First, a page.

Coronavirus not affecting communion rites yet, Canadian Catholic archdioceses say

TORONTO — Catholic archdioceses in Canada are preparing COVID-19 guidance ahead of the gathering of large congregations for Easter ceremonies.

On Tuesday, Canada’s largest and most diverse Catholic diocese, the archdiocese of Toronto, issued a memo to its more than 200 parishes ahead of Easter next month.

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“Active cases of the coronavirus (COVID-19) worldwide have led to some understandable concern among the faithful,” wrote Neil MacCarthy, director of public relations and communications for the Archdiocese of Toronto.

“Regarding liturgical practices, local health officials have indicated that it is not necessary to alter current practices at this time. Parishes should ensure that those distributing communion wash their hands or use hand sanitizer before and after the distribution of communion.”

Archdioceses take their guidance from local public health authorities and Toronto’s memo included practical advice on preventing the spread of the disease.

Toronto’s memo also included a note from Toronto Public Health, where eight people are in self-isolation recovering from COVID-19.

“I continue to be asked if we would consider recommending postponement of events or limiting places where people gather in large numbers,” wrote Dr. Eileen de Villa, medical officer of health, in a March 2 statement.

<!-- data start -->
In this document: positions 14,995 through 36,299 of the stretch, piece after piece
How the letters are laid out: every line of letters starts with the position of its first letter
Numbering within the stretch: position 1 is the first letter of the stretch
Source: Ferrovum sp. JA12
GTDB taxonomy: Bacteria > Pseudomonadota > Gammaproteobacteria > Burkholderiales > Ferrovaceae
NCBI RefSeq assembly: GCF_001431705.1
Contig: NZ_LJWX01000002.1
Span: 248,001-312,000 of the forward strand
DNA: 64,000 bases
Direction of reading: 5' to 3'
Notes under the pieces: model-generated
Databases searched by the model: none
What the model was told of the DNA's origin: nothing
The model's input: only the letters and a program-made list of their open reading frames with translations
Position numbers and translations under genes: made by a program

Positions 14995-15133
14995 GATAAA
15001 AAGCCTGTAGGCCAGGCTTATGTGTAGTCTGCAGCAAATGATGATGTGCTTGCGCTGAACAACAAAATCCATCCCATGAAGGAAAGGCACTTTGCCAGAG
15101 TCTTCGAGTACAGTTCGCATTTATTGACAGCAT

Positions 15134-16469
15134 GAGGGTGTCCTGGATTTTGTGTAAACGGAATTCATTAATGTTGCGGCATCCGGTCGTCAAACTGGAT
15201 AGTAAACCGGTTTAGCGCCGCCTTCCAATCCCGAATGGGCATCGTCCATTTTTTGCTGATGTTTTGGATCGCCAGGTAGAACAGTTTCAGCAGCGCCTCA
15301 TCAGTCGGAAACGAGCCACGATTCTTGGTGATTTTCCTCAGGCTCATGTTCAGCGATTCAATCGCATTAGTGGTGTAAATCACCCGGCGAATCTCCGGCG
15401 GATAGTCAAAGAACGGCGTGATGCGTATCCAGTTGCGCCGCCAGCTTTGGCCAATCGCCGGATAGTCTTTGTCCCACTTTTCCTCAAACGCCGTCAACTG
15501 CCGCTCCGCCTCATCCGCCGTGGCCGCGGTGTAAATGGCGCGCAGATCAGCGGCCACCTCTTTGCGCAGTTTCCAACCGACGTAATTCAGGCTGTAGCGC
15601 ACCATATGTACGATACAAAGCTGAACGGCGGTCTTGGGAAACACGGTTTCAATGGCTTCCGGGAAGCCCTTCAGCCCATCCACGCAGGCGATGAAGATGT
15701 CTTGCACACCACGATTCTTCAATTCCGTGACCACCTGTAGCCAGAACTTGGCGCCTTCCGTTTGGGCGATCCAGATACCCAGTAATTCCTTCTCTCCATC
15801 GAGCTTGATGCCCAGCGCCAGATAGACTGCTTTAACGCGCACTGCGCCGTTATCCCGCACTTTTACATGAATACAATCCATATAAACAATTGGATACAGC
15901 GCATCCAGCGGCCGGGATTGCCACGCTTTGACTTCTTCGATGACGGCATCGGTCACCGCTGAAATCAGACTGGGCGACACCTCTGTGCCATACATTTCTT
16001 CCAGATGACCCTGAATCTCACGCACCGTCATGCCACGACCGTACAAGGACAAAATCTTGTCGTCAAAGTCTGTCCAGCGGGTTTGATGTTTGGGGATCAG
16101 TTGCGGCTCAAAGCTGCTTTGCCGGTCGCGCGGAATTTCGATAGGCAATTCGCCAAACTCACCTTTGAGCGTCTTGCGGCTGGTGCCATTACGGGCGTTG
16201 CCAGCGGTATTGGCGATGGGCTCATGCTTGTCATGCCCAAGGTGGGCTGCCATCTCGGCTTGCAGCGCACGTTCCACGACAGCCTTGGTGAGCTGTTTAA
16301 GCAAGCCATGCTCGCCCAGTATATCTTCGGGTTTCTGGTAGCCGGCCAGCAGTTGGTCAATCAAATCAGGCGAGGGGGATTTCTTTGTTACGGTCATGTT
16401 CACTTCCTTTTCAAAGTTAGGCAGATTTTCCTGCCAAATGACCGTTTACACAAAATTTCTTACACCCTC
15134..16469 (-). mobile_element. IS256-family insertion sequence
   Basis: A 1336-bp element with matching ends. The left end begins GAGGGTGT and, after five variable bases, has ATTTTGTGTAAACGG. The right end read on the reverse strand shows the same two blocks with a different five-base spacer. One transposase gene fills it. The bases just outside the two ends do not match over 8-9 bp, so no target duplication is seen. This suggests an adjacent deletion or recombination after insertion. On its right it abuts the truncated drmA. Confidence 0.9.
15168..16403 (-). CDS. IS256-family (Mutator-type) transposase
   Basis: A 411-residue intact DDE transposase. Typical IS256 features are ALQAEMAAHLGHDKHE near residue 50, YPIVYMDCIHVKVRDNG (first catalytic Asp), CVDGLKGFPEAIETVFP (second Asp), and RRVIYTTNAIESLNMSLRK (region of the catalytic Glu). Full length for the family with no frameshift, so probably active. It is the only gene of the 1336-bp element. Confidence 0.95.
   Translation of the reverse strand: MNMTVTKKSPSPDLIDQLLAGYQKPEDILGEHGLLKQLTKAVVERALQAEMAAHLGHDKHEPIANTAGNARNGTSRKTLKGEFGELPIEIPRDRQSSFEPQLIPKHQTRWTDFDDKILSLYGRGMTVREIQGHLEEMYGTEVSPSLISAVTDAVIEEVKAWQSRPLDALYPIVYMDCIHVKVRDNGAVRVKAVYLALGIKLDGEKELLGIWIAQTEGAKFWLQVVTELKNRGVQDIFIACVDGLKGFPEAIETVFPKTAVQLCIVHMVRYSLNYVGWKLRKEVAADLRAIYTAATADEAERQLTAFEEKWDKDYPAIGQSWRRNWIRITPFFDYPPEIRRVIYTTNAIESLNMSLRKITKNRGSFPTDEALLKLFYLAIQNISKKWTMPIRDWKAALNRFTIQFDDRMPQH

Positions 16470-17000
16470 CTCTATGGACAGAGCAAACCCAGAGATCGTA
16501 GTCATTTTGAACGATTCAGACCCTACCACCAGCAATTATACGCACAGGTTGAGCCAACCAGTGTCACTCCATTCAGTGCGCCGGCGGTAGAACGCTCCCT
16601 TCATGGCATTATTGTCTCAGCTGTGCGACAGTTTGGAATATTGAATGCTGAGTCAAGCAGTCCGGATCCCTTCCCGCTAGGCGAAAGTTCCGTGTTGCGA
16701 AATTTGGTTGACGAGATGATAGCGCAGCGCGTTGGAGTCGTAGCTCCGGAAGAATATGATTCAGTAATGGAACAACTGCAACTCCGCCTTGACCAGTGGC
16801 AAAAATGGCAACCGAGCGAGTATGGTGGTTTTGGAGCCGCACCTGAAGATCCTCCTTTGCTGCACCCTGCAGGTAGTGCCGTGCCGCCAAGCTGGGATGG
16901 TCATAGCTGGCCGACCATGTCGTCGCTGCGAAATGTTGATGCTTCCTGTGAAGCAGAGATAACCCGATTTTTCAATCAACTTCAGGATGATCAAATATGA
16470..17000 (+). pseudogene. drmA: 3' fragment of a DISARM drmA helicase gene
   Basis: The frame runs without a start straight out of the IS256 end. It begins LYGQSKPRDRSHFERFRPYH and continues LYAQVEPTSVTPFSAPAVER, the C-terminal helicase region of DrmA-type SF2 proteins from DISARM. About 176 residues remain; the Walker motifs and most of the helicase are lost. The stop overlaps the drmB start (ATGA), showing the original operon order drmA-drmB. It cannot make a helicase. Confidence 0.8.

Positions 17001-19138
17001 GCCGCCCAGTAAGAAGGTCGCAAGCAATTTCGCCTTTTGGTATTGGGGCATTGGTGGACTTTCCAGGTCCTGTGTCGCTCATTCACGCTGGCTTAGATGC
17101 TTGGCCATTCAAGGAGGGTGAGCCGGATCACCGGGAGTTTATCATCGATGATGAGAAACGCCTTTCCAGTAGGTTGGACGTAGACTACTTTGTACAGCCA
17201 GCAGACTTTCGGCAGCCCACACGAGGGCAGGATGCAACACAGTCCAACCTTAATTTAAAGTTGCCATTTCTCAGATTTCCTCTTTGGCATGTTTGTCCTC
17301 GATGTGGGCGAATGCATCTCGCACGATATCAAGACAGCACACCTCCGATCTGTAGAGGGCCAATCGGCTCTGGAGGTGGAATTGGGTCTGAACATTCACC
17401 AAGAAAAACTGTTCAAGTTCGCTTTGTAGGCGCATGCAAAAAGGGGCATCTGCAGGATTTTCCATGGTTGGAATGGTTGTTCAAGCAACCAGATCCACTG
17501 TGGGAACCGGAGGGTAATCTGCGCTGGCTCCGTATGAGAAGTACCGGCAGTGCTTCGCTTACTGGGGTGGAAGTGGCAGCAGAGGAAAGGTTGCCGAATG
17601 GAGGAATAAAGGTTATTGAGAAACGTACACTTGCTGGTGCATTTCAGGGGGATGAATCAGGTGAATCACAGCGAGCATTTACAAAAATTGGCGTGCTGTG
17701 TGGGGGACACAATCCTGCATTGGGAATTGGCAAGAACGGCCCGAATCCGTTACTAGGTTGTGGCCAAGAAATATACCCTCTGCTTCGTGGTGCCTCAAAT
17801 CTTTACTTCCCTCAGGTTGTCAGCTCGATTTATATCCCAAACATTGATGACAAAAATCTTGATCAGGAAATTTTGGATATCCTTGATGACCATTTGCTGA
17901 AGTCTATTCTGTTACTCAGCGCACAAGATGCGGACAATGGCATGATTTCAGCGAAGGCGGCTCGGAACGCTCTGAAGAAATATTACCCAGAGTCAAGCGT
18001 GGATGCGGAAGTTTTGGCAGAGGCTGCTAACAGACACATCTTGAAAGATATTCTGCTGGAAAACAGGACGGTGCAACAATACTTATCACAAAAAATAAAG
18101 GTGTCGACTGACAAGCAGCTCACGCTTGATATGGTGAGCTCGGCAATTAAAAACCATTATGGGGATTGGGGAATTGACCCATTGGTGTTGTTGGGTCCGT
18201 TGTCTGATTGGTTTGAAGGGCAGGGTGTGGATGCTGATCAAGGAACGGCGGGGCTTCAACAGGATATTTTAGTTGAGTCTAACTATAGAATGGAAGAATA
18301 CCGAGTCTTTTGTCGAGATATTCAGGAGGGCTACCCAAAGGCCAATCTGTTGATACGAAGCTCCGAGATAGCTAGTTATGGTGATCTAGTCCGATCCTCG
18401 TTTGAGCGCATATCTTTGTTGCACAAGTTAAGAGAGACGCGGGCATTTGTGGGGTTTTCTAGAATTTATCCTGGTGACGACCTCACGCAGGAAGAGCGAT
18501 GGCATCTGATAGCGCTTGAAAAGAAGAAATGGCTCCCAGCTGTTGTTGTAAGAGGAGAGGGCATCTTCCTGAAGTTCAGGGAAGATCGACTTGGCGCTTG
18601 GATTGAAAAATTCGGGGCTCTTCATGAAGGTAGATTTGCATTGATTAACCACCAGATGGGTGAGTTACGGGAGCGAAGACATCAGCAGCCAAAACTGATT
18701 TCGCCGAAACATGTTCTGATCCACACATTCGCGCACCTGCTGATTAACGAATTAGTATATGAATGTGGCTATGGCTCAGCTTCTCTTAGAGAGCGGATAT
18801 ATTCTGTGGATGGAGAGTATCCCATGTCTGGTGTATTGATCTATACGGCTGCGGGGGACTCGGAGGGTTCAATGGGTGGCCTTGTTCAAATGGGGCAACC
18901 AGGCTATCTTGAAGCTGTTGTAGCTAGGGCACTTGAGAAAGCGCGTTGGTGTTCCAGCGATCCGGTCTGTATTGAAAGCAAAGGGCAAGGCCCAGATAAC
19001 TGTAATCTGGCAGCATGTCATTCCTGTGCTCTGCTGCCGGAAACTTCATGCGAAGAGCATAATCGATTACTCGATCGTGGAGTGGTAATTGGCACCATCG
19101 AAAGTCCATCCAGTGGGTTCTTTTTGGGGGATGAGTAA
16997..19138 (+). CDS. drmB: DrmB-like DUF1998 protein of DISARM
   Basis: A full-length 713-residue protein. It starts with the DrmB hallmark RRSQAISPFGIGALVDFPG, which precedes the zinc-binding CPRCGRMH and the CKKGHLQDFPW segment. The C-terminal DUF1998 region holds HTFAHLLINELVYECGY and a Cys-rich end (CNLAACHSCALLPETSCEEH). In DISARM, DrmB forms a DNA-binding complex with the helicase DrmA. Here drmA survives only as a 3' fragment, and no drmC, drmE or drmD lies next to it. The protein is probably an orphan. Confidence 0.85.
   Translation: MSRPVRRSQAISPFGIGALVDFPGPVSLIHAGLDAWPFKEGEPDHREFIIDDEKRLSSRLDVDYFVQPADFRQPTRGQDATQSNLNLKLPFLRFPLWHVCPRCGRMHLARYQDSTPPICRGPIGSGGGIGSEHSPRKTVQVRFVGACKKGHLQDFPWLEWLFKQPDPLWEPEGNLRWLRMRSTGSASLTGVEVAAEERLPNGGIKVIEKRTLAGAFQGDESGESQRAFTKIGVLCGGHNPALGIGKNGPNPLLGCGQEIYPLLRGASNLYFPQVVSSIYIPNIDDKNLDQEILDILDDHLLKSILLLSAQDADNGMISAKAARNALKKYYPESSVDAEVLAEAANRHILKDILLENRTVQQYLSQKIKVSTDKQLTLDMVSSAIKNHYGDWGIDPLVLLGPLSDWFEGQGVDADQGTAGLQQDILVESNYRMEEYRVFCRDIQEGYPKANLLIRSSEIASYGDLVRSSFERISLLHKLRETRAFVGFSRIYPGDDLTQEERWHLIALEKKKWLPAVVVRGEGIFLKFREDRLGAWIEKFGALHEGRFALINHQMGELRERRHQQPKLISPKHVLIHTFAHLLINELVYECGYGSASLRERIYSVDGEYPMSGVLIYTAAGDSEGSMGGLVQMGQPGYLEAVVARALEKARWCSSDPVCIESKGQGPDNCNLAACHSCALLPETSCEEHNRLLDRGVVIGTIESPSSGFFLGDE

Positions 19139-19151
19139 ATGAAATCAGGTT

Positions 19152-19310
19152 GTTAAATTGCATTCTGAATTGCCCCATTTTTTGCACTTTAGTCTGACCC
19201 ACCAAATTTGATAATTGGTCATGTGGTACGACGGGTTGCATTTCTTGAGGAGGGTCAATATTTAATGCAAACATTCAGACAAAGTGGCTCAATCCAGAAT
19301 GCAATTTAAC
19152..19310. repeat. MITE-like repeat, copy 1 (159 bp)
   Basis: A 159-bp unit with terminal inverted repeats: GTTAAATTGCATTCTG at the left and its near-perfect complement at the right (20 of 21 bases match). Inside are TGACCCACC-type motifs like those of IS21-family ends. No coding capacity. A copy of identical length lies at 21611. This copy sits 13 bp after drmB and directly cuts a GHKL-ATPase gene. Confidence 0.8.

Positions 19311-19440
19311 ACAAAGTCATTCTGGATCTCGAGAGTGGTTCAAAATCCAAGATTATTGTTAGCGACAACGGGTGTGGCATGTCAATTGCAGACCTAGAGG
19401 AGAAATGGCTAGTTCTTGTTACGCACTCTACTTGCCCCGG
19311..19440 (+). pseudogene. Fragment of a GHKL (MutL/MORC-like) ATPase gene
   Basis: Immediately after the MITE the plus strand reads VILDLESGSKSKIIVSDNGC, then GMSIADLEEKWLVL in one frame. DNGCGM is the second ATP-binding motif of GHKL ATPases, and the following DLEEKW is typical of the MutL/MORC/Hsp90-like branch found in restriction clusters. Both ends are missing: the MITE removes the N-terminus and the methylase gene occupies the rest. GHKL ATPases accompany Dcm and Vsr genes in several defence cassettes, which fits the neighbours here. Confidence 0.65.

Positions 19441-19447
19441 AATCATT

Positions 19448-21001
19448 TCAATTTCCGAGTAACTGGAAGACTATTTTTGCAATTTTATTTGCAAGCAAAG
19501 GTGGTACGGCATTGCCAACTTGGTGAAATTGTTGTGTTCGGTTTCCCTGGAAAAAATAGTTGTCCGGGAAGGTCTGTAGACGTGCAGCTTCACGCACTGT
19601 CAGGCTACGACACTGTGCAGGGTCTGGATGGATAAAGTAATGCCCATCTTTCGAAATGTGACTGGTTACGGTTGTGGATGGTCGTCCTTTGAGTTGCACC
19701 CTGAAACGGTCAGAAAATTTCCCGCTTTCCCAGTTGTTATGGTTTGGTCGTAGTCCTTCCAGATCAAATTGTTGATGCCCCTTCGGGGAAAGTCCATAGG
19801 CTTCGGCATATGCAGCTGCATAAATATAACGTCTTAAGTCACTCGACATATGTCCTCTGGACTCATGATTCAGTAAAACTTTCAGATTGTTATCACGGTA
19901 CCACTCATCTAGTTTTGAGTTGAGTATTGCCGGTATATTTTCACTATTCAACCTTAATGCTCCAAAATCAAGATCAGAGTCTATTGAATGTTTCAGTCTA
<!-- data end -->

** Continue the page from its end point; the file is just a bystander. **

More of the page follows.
“These are significant measures that must be assessed, evaluated and taken only after we balance preventing the spread of infection with the need for people and communities to function.

“At this time, we are not recommending these approaches, but examples such as limiting non-essential public gatherings are public health measures that can be used to further protect our community, if our local situation changes.”

A spokesperson for the archdiocese of Montreal told that it is also preparing coronavirus guidance for Easter in Quebec, which will be published on its website.

In February, the archdiocese of Halifax-Yarmouth advised all its churches to stop offering holy wine during communion because this uses a shared cup, in a bid to combat the spread of winter flu.

“At the time we were clear in that message that we would keep an eye on the trends regarding COVID-19 and would provide more direction as needed,” archdiocese spokeswoman Aurea Sadi wrote in an email to

“We are at the point where we are contemplating if, when, and what further direction we need to advise to the faithful.”

In Edmonton, Lorraine Turchansky, a spokesperson for the archdiocese there said there was no new advice for the faithful in regards to COVID-19, but reminded Catholics to refrain from shaking hands at the sign of peace and that if people are sick they are not required to attend mass.

She confirmed the archdiocese is monitoring the situation and takes its guidance from the chief medical officer of Alberta.

The archdiocese of Vancouver told that it has “no formal policy…regarding the coronavirus or methods of mitigating risk in the pews that are significantly different than the usual precautions taken for influenza and other transmittable ailments.”

“It is up to our pastors as to whether or not they suggest to their congregations that they nod heads instead of shaking hands during the sign of peace, which several have done,” archdiocese spokesperson Melissa Godbout wrote in an email to

“We will continue to monitor the situation and will be working with health officials to determine if any actions need to be taken.” has also contacted the archdiocese of St. John’s in Newfoundland to see if they have any special measures in place.

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